11/15/2013

c.1965 Northern Soprano & Concert Triangle Ukes




These hilarious triangular plywood boxes were made in Japan for J. Chalmers Doane's school ukulele program that found itself running all the away across Canada. Much more info on that can be had here and here.

This pair came by way of some trading (and were an unexpected "bonus") and they sat in the workshop neglected until I had about 45 minutes of free time on Wednesday between a half-dozen neck resets. Work-wise, there wasn't much to do on the soprano: I just had to knock its bridge off and reglue it in the correct place, move one of the "string trees," and give it a setup. On the concert I just had to make a new nut and bridge and also give it a setup as well.




Both have a sort of mid-volume and bright sound to them but the concert is definitely brighter. The concert has the mahogany-veneer plywood body. I have to admit I like the pin-load/floating bridge configuration. It reminds me of Portuguese instruments.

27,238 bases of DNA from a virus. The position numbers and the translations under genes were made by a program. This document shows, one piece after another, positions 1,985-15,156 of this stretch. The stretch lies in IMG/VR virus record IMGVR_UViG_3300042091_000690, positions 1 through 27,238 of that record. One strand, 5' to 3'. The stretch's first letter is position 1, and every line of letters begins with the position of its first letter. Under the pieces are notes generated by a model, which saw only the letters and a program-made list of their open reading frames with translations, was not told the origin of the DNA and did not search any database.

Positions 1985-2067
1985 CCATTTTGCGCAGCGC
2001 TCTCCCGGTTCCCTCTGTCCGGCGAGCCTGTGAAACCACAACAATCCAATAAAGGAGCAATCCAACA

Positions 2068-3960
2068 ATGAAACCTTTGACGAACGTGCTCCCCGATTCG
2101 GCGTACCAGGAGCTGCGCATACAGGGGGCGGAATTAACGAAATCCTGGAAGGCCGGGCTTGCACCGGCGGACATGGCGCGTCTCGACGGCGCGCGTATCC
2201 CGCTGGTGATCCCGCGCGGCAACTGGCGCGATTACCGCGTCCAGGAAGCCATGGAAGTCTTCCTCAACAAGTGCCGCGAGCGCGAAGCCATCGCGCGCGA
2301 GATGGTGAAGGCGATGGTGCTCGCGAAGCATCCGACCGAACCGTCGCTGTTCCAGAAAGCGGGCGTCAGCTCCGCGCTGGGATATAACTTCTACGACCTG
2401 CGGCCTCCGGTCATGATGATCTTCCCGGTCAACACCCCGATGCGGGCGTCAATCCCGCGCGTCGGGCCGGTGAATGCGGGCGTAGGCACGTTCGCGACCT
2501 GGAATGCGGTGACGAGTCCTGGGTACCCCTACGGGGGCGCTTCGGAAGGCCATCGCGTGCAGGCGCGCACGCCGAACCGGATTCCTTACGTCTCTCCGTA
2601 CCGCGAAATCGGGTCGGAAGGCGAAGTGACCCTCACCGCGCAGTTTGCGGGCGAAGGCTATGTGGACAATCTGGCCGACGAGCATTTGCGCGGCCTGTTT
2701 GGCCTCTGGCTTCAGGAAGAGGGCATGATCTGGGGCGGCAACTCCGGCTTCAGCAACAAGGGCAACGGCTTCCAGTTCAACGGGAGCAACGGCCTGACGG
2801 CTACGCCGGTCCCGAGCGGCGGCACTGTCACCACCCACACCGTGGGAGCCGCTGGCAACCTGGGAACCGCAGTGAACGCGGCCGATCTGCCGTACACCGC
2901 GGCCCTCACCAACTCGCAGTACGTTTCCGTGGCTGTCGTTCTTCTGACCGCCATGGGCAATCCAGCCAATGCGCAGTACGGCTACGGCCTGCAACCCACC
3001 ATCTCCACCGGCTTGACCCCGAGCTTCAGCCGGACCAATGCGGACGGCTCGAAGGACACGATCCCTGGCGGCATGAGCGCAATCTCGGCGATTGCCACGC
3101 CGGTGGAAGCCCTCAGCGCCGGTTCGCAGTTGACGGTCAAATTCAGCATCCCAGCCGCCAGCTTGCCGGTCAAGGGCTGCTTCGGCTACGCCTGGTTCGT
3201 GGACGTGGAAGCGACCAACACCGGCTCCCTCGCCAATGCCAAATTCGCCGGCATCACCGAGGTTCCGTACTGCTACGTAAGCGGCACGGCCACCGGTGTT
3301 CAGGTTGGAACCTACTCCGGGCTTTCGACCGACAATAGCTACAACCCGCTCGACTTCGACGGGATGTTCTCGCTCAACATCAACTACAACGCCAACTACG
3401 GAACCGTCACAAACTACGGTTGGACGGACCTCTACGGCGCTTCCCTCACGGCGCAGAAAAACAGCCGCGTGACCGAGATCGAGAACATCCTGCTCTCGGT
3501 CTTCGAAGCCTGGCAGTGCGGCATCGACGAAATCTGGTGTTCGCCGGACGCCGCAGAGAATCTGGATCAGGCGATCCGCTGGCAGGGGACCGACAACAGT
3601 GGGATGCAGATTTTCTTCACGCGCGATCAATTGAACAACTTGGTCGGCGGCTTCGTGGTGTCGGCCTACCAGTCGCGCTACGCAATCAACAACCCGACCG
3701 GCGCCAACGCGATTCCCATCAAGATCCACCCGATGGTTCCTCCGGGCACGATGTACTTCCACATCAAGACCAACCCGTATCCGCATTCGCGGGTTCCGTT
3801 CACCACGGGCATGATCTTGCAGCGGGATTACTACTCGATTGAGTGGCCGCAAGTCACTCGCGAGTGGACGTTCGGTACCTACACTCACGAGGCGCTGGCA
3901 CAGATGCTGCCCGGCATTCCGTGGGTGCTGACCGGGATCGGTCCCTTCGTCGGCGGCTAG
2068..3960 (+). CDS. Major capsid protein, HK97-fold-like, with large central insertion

The concert's scale is 14 5/8" if I remember correctly and it has a fairly wide neck (though thin and flattish front to back).


The soprano, which has a warmer voice and a long-ish 13 3/4" scale,


This is the soprano's headstock... I had to cut down the original nut a whole bunch and also had to relocate one of those "string tree" screws to get it to hold the C string.


The concert's headstock uses some curious drilled holes as string trees... fair enough... but sometimes when you tune down the strings get a little stuck and you have to tune it farther down for it to slip down to pitch and then tune up again.


...new rosewood bridge for the concert. I didn't spend the time to really clean up and polish my new additions to this guy (bone nut and bridge) as that would've been out of character for the uke, anyway.


It's pretty funny but someone had previously glued-down the floating bridge on the soprano at a crazy angle.



Anyhow, these are practical little instruments and perfectly suited to tossing in the back of the car and whatnot. They'd make a perfect instrument for a beginner or as a picnic-going friend.

1 comment:

Gim said...

I've got a concert Northern - it's a rugged beast and very playable - once you get used to the 1x3 neck.